“Dunno, really. You look too–” He flushed, and his embarrassment surprised her. “–Too polished, I guess. Like your hair and clothes and stuff are smart.”
He dropped his head to his toast and missed Claire’s look of confusion. The guy had noticed a lot of things about her, considering they’d only been travelling together for a day.
She sat at the table opposite him and thoughtfully chewed at her food. “So, if I’m wearing nice clothes and I brush my hair, I must be a city chick, as you call it?”
The man said nothing, and Claire took pity on him. “I’m not offended, just surprised. I’ve barely worn a scrap of make up this whole trip and my clothes haven’t seen a washing machine for weeks. I thought I looked like a tramp.”
“Nah, that’s not possible,” the man blurted out, before resuming his red-faced silence.
Claire smiled, prepared to accept the compliment. As they continued to eat without speaking, she contemplated the man’s words. What made a city chick or a country girl? And which one was she now? Six months ago she would have said city girl, unable to live more than a mile from a Starbucks. Now she wasn’t so sure.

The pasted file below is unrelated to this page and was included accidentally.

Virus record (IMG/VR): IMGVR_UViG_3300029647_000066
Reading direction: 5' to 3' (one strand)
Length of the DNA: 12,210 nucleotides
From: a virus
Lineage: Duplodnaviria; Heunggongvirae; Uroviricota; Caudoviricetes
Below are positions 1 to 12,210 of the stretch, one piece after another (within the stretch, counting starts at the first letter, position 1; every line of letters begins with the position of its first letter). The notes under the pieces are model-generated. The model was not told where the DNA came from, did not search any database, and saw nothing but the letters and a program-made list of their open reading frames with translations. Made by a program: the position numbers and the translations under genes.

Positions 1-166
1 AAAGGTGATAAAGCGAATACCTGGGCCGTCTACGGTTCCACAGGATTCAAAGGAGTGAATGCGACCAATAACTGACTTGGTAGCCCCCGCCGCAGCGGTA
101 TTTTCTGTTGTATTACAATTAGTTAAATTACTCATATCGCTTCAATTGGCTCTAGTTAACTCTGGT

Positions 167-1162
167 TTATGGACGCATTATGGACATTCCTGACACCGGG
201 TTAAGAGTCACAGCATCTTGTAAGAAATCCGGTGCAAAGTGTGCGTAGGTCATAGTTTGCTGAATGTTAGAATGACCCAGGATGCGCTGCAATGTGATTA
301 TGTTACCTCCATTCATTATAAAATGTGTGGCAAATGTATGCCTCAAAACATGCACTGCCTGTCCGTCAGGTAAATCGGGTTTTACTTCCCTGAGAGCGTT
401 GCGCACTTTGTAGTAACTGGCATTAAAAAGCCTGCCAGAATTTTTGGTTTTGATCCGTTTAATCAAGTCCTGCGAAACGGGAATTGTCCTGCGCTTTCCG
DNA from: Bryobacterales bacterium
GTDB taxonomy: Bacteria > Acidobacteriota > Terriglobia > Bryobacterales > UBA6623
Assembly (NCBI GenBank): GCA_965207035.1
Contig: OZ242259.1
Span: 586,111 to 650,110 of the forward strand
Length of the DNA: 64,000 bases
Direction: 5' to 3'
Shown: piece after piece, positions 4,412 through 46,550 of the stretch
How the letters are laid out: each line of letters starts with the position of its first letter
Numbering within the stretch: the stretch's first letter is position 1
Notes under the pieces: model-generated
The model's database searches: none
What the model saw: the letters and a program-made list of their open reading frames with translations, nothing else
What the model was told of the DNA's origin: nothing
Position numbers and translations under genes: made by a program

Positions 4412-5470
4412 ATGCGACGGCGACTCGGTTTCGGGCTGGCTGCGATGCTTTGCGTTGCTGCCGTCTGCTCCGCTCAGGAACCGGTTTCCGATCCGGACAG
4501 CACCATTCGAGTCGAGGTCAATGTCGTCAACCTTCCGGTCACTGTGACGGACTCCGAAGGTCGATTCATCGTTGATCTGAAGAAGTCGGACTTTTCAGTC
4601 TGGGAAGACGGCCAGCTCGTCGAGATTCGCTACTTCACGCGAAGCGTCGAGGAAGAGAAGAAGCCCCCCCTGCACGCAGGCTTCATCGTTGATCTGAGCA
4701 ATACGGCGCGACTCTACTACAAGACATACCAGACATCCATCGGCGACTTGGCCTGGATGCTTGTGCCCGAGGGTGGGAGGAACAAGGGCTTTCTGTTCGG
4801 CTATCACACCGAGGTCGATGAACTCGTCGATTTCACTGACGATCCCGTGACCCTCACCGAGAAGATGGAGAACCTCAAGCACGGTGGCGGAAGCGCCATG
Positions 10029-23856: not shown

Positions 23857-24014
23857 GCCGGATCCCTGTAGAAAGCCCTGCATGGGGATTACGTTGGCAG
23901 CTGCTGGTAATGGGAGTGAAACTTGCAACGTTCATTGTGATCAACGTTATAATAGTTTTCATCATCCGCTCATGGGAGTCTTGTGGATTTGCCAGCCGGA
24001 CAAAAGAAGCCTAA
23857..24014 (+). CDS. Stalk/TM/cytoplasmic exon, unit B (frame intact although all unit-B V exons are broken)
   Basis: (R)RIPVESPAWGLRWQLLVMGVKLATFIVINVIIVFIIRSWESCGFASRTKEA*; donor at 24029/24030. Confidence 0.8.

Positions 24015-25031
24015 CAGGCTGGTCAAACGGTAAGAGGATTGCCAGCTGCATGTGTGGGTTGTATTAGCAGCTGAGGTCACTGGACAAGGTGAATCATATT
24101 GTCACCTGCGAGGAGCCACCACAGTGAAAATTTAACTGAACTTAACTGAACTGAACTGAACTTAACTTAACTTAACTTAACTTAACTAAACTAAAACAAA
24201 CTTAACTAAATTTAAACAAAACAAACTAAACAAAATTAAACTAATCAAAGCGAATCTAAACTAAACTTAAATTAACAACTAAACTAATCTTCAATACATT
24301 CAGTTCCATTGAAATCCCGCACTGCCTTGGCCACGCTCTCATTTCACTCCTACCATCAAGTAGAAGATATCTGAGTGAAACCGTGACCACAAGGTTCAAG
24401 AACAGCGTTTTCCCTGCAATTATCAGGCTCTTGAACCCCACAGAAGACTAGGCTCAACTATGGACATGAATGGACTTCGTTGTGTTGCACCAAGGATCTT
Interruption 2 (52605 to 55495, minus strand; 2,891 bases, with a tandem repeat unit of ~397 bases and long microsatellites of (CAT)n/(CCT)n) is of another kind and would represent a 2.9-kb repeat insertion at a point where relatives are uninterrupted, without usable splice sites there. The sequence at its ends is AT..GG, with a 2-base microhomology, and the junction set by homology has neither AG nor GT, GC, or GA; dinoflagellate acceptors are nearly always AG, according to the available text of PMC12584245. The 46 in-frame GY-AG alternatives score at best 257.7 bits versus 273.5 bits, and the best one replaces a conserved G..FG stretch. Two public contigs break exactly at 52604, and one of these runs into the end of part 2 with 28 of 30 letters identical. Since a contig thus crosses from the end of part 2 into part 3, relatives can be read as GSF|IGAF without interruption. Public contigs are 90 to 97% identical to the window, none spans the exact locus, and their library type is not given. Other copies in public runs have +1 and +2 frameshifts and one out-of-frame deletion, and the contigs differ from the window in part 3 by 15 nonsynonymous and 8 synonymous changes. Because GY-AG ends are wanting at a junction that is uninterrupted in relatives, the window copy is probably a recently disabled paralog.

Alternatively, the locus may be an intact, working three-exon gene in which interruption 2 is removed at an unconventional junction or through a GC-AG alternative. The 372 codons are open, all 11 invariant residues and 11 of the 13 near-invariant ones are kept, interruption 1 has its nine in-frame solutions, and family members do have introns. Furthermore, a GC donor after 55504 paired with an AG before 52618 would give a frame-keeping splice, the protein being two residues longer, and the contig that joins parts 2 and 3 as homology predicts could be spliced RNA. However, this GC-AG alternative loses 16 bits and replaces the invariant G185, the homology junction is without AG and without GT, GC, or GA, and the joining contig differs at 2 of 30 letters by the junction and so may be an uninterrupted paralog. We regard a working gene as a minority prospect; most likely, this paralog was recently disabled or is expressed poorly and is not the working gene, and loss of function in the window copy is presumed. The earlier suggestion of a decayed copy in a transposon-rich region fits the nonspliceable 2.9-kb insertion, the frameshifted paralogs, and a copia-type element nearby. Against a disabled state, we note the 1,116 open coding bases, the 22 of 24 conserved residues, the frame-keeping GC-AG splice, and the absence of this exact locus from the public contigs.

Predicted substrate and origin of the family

Either way, I don’t have a home to go to, in the country or the city. I don’t even have a car, unless Carl accepted my offer, which I seriously doubt. I’ve only got Conor’s word that there is a job waiting for me.
Sitting at a scrubbed pine table in the middle of nowhere, with a tongue-tied bloke and a flock of sheep for company, Claire wondered why exactly she was rushing home at all.
- Book Clubs (trishamortimore.wordpress.com)
- I Love Book Clubs. So Should Every Writer. (carrierussellbooks.wordpress.com)
- Books and Beer – The New Book Club (teleread.com)